If you thought the river only goes 'splash', then listen up.
As the man behind The London Sound Survey, Ian Rawes has been chronicling the capital for more then a decade. Not with words or photographs or videos, but with field recordings.
These are everyday sounds: a whistling passer-by; the sudden acceleration of traffic; or the far-off thump of a piling rig. The trill of an urban songbird, and the squark of the usurping parakeet.
Ian recently turned his microphone to the Thames. London's chief river offers plenty of material for the attentive ear, as it flows past areas of leisure, light industry, transport jetties and marshland. He's even taken his equipment deep inside Tower Bridge, to record the sound of the great bascules rising.
The fruits of his labour are now available on an LP, called simply Thames. The work has also attracted the attentions of Radio 3's Slow Radio strand. An episode on Sunday 15 December 2019 will play some highlights that reveal how the Thames soundscape is ever-changing:
"...we hear the wash of passing boats at an old coal jetty in Greenwich, then the clattering of flagpoles in the wind at the mouth of the Royal Albert Dock. Since the recording was made, the flagpoles have been removed during the Dock's redevelopment into a marina surrounded by new housing. Further east, there are the bangs and pops of a clay pigeon range on the Dartford Marshes heard from across the river. They're among the last audible survivors of the river's gunpowder age of wildfowling and cannon batteries."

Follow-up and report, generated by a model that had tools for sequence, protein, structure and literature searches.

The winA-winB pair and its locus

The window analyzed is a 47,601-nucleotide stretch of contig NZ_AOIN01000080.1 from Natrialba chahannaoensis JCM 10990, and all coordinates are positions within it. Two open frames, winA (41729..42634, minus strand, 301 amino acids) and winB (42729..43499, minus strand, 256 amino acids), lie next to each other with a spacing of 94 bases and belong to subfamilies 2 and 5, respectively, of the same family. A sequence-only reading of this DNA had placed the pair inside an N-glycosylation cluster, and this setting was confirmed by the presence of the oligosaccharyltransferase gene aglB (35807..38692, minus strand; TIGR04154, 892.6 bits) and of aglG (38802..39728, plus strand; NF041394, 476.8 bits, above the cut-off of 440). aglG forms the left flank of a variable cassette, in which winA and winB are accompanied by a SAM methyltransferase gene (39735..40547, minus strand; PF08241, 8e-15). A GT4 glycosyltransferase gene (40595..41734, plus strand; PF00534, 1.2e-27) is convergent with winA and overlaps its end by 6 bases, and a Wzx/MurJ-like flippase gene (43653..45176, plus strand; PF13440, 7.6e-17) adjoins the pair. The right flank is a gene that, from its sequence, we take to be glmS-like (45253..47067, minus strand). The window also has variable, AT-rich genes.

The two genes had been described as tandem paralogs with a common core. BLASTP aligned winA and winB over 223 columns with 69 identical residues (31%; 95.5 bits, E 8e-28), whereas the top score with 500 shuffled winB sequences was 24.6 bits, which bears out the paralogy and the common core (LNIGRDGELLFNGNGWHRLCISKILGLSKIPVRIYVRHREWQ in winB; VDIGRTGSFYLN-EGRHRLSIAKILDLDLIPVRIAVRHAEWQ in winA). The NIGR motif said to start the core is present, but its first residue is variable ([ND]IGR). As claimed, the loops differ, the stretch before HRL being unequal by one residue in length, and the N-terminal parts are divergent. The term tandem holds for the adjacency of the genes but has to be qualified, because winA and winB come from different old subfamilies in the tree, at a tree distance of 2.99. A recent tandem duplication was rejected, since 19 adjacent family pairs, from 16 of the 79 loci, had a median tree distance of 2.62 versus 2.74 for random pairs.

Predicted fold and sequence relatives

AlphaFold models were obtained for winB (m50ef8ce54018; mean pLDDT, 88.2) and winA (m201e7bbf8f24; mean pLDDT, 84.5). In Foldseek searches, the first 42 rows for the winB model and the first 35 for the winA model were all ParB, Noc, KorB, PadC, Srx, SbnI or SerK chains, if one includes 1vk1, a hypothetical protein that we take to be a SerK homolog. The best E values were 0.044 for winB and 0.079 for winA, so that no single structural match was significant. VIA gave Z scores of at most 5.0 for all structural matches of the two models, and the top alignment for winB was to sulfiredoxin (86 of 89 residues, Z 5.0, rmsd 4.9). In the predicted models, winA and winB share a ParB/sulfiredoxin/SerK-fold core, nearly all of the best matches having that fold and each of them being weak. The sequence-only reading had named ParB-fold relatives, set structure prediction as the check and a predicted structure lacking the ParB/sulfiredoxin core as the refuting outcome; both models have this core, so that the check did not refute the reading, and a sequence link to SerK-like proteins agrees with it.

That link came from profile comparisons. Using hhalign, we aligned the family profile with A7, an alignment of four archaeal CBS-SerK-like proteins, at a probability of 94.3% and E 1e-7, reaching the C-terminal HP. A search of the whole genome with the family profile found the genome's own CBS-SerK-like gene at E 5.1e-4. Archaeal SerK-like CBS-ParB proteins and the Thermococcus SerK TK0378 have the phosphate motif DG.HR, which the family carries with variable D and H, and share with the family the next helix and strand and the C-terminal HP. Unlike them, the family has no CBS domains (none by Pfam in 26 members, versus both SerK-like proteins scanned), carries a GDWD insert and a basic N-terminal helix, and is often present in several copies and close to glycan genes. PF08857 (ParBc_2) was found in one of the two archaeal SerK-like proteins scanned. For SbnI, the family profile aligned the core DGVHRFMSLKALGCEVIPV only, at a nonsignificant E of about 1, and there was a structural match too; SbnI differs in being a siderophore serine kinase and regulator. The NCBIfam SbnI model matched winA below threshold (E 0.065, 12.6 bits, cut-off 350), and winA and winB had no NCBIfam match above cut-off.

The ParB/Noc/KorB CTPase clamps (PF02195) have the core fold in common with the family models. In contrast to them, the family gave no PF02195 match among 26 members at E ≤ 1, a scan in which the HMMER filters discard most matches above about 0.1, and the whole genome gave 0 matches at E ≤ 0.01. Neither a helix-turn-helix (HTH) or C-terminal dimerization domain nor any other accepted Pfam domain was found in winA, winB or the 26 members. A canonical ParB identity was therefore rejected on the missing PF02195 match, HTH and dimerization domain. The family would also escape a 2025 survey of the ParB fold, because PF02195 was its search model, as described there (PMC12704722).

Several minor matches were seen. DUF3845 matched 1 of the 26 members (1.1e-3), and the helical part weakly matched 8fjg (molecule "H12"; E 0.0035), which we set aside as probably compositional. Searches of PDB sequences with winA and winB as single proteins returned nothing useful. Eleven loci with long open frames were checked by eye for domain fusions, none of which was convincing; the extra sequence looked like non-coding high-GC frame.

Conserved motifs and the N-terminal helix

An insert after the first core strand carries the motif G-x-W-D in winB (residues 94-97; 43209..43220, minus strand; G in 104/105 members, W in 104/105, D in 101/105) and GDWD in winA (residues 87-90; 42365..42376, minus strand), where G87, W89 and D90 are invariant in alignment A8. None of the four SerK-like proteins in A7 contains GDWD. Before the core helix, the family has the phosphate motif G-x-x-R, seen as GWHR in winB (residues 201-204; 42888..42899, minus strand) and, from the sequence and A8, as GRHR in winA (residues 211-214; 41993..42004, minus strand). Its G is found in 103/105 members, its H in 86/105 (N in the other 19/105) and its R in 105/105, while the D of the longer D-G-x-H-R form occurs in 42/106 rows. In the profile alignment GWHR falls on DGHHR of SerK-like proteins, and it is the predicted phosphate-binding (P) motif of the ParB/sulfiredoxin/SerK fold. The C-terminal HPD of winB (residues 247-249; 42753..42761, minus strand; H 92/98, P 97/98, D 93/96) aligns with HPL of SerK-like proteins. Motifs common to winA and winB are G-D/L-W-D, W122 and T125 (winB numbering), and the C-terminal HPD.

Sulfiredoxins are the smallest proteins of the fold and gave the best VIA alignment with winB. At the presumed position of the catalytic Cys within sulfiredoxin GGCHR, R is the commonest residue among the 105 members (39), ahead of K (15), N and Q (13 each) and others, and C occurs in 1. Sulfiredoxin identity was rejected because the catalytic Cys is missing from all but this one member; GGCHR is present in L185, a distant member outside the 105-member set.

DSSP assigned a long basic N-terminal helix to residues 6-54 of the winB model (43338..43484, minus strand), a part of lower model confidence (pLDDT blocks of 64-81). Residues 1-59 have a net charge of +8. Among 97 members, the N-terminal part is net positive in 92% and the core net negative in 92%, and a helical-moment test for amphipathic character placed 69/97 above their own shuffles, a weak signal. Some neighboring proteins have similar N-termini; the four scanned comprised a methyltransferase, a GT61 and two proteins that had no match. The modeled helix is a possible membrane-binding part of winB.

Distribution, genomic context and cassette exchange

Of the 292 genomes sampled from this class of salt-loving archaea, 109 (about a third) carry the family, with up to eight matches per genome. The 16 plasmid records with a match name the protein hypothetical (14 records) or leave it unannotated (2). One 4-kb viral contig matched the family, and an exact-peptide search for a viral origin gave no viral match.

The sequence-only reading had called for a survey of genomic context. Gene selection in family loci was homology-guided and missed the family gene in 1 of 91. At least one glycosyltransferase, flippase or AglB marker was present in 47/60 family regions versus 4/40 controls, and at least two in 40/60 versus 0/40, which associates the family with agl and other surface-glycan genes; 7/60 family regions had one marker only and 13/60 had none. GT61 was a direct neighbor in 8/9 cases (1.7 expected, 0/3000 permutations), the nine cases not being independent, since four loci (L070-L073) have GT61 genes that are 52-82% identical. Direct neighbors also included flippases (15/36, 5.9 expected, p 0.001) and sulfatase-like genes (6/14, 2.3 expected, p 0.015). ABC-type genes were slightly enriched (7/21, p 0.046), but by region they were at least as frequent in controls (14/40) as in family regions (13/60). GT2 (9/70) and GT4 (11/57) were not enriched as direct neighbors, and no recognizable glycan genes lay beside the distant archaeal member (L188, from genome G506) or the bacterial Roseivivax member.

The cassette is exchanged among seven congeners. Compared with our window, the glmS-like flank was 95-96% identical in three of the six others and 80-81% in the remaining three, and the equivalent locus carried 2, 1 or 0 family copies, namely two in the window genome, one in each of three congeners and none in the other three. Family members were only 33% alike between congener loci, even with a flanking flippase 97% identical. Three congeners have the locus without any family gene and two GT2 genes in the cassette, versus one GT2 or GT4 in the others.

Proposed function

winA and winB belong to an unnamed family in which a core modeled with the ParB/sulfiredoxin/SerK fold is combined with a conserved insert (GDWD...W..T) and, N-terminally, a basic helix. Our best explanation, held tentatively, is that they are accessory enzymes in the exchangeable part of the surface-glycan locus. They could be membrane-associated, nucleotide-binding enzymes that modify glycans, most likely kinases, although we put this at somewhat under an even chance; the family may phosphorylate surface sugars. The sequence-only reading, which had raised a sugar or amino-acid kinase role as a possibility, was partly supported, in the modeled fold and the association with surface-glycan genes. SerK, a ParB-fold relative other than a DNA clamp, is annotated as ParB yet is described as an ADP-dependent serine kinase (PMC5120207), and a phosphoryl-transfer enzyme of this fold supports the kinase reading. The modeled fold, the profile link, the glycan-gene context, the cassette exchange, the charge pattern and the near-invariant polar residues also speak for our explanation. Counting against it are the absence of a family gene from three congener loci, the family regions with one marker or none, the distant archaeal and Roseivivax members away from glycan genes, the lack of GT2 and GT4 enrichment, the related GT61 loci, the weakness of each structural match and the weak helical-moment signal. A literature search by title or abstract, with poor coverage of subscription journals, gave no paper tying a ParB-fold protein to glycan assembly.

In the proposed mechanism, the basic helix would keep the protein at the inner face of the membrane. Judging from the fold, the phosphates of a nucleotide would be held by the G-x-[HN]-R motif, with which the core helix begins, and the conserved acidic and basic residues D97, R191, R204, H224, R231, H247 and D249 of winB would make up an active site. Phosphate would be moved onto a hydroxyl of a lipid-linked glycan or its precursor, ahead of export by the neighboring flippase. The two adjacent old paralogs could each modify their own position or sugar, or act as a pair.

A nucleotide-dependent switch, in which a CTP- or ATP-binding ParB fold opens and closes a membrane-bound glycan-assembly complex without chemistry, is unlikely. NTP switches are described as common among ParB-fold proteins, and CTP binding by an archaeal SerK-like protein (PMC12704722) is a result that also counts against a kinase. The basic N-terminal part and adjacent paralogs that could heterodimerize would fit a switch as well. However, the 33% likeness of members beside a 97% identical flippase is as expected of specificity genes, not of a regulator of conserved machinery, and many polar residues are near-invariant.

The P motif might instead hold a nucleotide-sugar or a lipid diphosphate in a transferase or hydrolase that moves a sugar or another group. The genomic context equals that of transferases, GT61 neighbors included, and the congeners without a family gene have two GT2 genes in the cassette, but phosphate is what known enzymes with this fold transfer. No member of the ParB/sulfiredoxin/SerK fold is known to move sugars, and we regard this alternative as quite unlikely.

If you fancy whatever the aural equivalent of a 'taster' is, then have a listen to the excerpts in the Estuary section of The London Sound Survey.
A tube map of river sounds
The London Sound Survey has long impressed us, not only with the breadth and depth of its coverage, but also the artful way in which field recordings are presented. Here, for example, is a tube-style map of the other waterways of London, such as the Brent, Lea and Regent's Canal. Over on London Sound Survey, you can click/tap on any of the names to hear a local sound recording.
Elsewhere on the site, you can find a collection of recordings from London's street markets, historical recordings from the 1920s-1950s and, even further back, written accounts of street cries going back to the early 17th century.